public safety reasons, the Board may immediately open or close public 
lands for the taking of fish and wildlife for subsistence uses, or 
modify the requirements for take for subsistence uses, or close public 
lands to take for nonsubsistence uses of fish and wildlife,

[[Page 63093]]

or restrict the requirements for take for nonsubsistence uses.
    (1) If the timing of a regularly scheduled meeting of the affected 
Regional Council so permits without incurring undue delay, the Board 
may seek Council recommendations on the proposed emergency special 
action. Such a Council recommendation, if any, will be subject to the 
requirements of Sec.  ----.18(a)(4).
    (2) The emergency action will be effective when directed by the 
Board, may not exceed 60 days, and may not be extended unless the 
procedures for adoption of a temporary special action, as set forth in 
paragraph (b) of this section, have been followed.
    (b) Temporary special actions. After adequate notice and public 
hearing, the Board may temporarily close or open public lands for the 
taking of fish and wildlife for subsistence uses, or modify the 
requirements for subsistence take, or close public lands for the taking 
of fish and wildlife for nonsubsistence uses, or restrict take for 
nonsubsistence uses.
    (1) The Board may make such temporary changes only after it 
determines that the proposed temporary change will not interfere with 
the conservation of healthy fish and wildlife populations, will not be 
detrimental to the long-term subsistence use of fish or wildlife 
resources, and is not an unnecessary restriction on nonsubsistence 
users. The Board may also reopen public lands to nonsubsistence uses if 
new information or changed conditions indicate that the closure is no 
longer warranted.
    (i) Prior to implementing a temporary special action, the Board 
will consult with the State of Alaska and the Chairs of the Regional 
Councils of the affected regions.
    (ii) If the timing of a regularly scheduled meeting of the affected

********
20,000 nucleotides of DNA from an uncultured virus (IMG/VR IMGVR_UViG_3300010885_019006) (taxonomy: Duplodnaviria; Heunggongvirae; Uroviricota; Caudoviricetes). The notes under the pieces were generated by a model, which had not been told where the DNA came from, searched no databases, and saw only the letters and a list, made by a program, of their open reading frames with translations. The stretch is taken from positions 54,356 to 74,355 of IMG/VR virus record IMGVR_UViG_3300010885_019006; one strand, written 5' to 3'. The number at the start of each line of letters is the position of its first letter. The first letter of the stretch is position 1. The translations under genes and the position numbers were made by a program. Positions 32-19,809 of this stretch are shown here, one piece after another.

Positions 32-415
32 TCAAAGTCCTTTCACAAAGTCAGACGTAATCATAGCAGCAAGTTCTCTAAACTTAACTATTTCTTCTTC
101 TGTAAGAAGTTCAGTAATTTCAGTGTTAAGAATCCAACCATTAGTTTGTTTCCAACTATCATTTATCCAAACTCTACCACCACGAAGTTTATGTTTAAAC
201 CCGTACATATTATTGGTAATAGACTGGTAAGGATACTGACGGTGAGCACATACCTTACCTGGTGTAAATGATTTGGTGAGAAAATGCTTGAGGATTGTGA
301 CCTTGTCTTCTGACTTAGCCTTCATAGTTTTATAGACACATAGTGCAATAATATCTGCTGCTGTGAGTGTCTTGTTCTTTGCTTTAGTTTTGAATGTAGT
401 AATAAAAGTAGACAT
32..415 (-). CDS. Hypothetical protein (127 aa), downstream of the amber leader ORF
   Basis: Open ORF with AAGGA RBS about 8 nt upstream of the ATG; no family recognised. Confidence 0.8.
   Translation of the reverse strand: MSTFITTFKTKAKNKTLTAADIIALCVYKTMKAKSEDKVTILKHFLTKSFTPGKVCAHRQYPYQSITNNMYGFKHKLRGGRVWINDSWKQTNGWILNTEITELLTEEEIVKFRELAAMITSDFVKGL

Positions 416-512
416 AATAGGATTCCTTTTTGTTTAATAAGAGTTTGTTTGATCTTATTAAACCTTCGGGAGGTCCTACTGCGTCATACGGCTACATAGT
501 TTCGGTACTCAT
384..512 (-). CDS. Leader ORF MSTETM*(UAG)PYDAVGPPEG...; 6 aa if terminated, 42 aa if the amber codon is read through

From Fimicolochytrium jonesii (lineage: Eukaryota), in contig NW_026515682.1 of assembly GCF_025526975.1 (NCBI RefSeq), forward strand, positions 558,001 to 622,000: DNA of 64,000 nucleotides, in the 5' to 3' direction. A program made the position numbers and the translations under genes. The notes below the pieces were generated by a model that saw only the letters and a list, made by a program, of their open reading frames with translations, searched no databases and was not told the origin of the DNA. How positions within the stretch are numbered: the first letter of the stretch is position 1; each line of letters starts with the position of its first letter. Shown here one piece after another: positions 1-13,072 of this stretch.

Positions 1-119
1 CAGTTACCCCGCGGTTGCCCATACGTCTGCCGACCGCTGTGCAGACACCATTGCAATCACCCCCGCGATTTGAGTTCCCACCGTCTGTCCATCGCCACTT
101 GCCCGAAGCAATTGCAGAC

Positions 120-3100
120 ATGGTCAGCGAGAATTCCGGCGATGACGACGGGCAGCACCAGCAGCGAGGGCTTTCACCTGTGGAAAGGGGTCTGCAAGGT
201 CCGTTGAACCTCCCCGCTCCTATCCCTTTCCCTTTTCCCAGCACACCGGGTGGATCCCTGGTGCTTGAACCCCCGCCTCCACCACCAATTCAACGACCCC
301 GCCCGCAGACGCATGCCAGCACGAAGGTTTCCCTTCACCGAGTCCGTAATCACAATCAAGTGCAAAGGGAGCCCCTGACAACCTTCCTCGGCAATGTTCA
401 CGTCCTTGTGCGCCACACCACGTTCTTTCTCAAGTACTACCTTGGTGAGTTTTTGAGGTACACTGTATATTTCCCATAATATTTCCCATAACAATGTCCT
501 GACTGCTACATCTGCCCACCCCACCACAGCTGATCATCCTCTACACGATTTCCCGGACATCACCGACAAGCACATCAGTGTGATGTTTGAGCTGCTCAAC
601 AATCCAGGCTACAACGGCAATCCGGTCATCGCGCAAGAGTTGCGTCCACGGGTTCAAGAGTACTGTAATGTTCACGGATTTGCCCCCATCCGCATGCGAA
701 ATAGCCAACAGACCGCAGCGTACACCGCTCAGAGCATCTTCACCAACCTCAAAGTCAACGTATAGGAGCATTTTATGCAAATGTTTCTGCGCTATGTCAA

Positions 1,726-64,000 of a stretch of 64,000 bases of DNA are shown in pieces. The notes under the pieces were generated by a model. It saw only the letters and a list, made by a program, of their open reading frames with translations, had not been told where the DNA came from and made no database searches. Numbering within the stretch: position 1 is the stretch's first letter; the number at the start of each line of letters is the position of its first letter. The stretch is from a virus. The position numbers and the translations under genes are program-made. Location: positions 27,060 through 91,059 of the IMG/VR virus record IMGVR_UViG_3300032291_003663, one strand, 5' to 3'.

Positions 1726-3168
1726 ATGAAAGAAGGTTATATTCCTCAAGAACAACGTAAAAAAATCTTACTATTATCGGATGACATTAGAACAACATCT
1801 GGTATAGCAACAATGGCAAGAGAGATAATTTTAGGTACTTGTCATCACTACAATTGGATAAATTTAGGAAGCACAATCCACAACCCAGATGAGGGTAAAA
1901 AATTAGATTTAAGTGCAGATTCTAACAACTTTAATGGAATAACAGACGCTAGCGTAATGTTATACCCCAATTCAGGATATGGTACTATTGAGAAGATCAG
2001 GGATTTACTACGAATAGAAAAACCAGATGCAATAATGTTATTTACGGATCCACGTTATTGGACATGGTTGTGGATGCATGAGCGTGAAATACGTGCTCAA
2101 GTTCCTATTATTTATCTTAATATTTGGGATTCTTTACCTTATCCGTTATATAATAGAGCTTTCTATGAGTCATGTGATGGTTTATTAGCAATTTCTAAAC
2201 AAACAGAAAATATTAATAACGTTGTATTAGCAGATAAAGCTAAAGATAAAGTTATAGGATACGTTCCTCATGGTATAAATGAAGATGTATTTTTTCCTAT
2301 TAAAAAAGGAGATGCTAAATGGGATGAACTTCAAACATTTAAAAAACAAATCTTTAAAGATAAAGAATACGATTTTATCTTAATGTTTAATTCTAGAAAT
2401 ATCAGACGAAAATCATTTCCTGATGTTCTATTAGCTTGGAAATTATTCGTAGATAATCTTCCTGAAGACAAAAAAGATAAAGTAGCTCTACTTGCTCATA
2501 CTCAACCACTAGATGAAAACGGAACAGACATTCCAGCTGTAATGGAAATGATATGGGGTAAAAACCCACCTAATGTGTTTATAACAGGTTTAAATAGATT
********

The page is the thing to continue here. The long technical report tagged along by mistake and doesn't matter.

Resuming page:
Regional Council so permits without incurring undue delay, the Board 
will seek Council recommendations on the proposed temporary special 
action. Such Council recommendations, if any, will be subject to the 
requirements of Sec.  ----.18(a)(4).
    (2) The length of any temporary action will be confined to the 
minimum time period or harvest limit determined by the Board to be 
necessary under the circumstances. In any event, a temporary opening or 
closure will not extend longer than the end of the current regulatory 
cycle.
    (c) The Board may reject a request for either an emergency or a 
temporary special action if the Board concludes that there are no time-
sensitive circumstances necessitating a regulatory change before the 
next regular proposal cycle. However, a special action request that has 
been rejected for this reason may be deferred, if appropriate and after 
consultation with the proponent, for consideration during the next 
regular proposal cycle. The Board will consider changes to customary 
and traditional use determinations in subpart C of this part only 
during the regular proposal cycle.
    (d) The Board will provide notice of all regulatory changes adopted 
via special action by posting the change on the Office of Subsistence 
Management Web site (https://alaska.fws.gov/asm/index.cfml). When 
appropriate, notice may also include distribution of press releases to 
newspapers, local radio stations, and local contacts, as well as direct 
notification to the proponent and interested parties. The Board will 
publish notice and reasons justifying the special action in the Federal 
Register as soon as practicable.
    (e) The decision of the Board on any proposed special action will 
constitute its final administrative action.
    (f) Regulations authorizing any individual agency to implement 
closures or restrictions on public lands managed by the agency remain 
unaffected by the regulations in this part.
    (g) Fish and wildlife may not be taken in violation of any 
restriction, closure, or change authorized by the Board.

    Dated: July 13, 2010.
Ken Salazar,
Secretary of the Interior, Department of the Interior.
Beth G. Pendleton,
Regional Forester, USDA--Forest Service.
[FR Doc. 2010-25816 Filed 10-13-10; 8:45 am]
BILLING CODE 3410-11-P; 4310-55-P